Retailer-Supplier Relationship:
Ease of Doing Business Wasn’t So Easy

By Rich Cunningham, SVP, Managing Director U.S.A, Advantage Group

Reflecting on 2022, we can all see the issues that affected the retail supply chain: labor shortages, high turnover rates in key sectors, unprecedented inflation, and interruptions due to unrest in areas across the world. And of course, this is coming off a nearly three-year global pandemic.

Given the challenges we’ve all faced over the past several years, is it really a surprise that both U.S. retailers and suppliers resoundingly identified ease of doing business as the most important factor in their engagement with one another. Don’t we all want things to just be easy for once?

A timely addition, ‘Ease of doing business’ was a new competency introduced to the Advantage Report in 2022. And while we can all certainly understand why it’s important to both sides of the retailer-supplier relationship, what does that actually mean when it comes to evaluating performance and actioning improvement?

As we enter 2023, we see retailers and suppliers putting more importance on supporting each other’s strategy further deepening collaboration throughout their business.

The Advantage Report identifies the tactical competencies that drive ease of doing business and provides companies with their scores to help diagnose areas of improvement in the retailer-supplier relationship.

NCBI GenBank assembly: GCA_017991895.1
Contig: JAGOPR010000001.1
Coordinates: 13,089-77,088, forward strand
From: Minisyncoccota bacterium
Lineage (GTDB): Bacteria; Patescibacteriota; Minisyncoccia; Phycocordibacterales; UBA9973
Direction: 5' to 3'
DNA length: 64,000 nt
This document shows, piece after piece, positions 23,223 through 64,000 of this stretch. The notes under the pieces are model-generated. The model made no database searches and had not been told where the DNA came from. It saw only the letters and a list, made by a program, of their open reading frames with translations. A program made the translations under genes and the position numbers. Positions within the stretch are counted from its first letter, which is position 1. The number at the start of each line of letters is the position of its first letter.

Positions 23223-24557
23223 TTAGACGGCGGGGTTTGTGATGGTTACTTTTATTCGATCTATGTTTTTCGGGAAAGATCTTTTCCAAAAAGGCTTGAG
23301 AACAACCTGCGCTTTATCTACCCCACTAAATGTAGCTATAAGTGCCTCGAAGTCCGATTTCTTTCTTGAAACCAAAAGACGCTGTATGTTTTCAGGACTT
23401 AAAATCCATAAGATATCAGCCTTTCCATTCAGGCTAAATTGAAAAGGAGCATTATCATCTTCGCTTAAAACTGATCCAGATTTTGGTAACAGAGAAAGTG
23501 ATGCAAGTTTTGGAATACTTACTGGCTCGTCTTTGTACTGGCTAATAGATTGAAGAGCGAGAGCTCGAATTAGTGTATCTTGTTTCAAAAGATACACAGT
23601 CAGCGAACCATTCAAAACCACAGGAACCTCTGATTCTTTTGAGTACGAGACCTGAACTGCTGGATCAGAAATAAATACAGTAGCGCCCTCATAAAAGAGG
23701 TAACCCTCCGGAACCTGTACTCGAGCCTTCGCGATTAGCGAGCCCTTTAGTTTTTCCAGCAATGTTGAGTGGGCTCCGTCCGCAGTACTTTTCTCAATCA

Some key takeaways from this year’s best-in-class retailers and suppliers:

  • Agile partners are proactive, empowered, and creative: With ever-changing challenges, trend was no longer a useful measure in forecasting demand and strict fulfillment measures (like OTIF) became less important as companies valued partners that demonstrated agility in order to keep products on the shelves and in the hands of consumers.

    While certainly an industry buzzword, few companies are doing agility well, as this was one of the lowest performing competencies among both U.S. retailers and suppliers. In practice, we see high turnover, lower levels of experience, outdated corporate organization and policy structures hamper the ability for those on the frontlines to make decisions quickly enough to matter.

  • Communicate the good and the bad: We all seem to intuitively know that communication is more important now than ever, yet there is a stark difference in how companies that are easy to do business with communicate vs. those that aren’t as easy.

    The need to communicate the ‘what’ is always a given, but best-in-class companies don’t skimp on communicating the ‘why’ and ‘how’, especially when it comes to challenges. This year, we saw one supplier with nearly the lowest on-time & in-full score compensate with proactive communication and resolution follow-up to place #2 in the Overall Food Supplier benchmark.

  • Value your people as much as your customers do: This year, we saw longtime leaders on having capable and experienced people take a hit as companies faced labor shortages and the fall out of last year’s ‘Great Resignation’. Having the right people in place is integral to ease of business, and companies that were able to retain good people through this period have an advantage that will take other companies several years to recoup.

As we enter 2023, we see retailers and suppliers putting more importance on supporting each other’s strategy and delivering on their commitments. Agility will continue to be a requirement as consumers adjust their purchasing habits to compensate for inflation and the workforce continues to flex.

The State of the Retail Industry 2023

JAN 2023